Nico Rosberg crossed the line first at Silverstone to claim his second Grand Prix win of the season in a result likely to be overshadowed by a brewing storm over a Pirelli tyre shambles that punctuated much of the running with tyre failures.
Rosberg’s Mercedes AMG Petronas team mate Lewis Hamilton had led the early stages of the race, but on lap seven he became the first man to suffer a Pirelli branded difficulty as his left rear tyre blew going down the Wellington straight – the resultant limp to the pits and tyre change meant he dropped far down the pack. However, he did recover to finish fourth.
Soon after came the second part of this modern day Shakespearian tragicomedy with Ferrari’s Felipe Massa suffering almost an identical failure accelerating out of The Loop towards the Wellington Straight. He to managed to get a good result in the books – a sixth place with team mate Fernando Alonso finishing on the podium in third.
The third tyre failure, Jean-Eric Vergne at Stowe, saw the safety car launched to aid the marshals clearing up debris left over. Quickly after this came a flurry of frantic messages from the pit wall instructing drivers to avoid the kerbs theorising that they were the cause of the failures.
Indeed, after Sergio Perez in the McLaren suffered from the cruel curse of the bursting tyre, it has been reported that Race Director Charlie Whiting was “seriously considering” red flagging the race in the name of safety.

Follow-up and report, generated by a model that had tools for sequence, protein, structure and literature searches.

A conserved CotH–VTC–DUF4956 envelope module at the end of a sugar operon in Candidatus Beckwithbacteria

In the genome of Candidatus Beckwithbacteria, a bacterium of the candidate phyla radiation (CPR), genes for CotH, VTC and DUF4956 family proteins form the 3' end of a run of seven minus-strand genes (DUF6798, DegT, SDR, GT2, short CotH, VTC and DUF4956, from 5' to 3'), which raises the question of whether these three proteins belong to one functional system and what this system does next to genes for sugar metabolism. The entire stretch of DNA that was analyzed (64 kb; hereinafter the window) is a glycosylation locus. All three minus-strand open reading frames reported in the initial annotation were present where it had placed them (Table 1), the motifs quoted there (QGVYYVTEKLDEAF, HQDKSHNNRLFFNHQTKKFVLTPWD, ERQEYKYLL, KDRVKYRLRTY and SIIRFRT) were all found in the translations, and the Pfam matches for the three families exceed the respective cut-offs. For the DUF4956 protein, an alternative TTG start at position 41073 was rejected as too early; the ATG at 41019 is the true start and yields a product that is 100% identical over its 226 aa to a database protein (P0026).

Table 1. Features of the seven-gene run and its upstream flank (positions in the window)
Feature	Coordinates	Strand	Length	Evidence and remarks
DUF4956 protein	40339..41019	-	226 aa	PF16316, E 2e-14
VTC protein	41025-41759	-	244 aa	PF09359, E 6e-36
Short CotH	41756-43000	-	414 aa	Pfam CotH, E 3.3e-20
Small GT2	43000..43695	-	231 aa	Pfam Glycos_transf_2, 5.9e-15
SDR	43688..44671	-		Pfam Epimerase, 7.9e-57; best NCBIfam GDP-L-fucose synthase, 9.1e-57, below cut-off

Whiting told Autosport’s Jonathan Noble: “We haven’t seen a failure like this before; we have seen other types of failure – and that is what has been addressed. So we need to analyse it very carefully to see if we can establish the cause.”
Pirelli’s Paul Hembrey commented on the tyre issues: “There have obviously been some issues with rear-left tyre failures which we have not seen before. We are taking the situation very seriously and we are currently investigating all tyres to determine the cause as soon as possible, ahead of the next Grand Prix in Germany. At the moment, we can’t really say much more until we have fully investigated and analysed all of these incidents, which is our top priority.”
Away from the tyre discussions defending champion Sebastian Vettel retired from the lead of the race after losing fifth gear and crawling to a stop on the pit straight. However, in a silver lining to the dark Vettel cloud, following the safety car period to recover the stranded #1 car, Mark Webber – having pitted later in the race for fresh rubber – blasted past Adrian Sutil (who finished seventh) and Daniel Ricciardo (eventually eighth) on his way to second place and further proof that Webber is seemingly the stronger Red Bull driver at the Northamptonshire track.
Also finishing strongly was Sutil’s Force India team mate Paul Di Resta who recovered from last place on the grid to ninth and two championship points.
The points tally still shows Vettel leading even with his retirement on 132 points, Alonso is second with 111 and Kimi Raikkonen, after his fifth place, is knocking on the door of triple figures on 98.
The next race for the F1 circus is the German Grand Prix at the Nurburgring next weekend.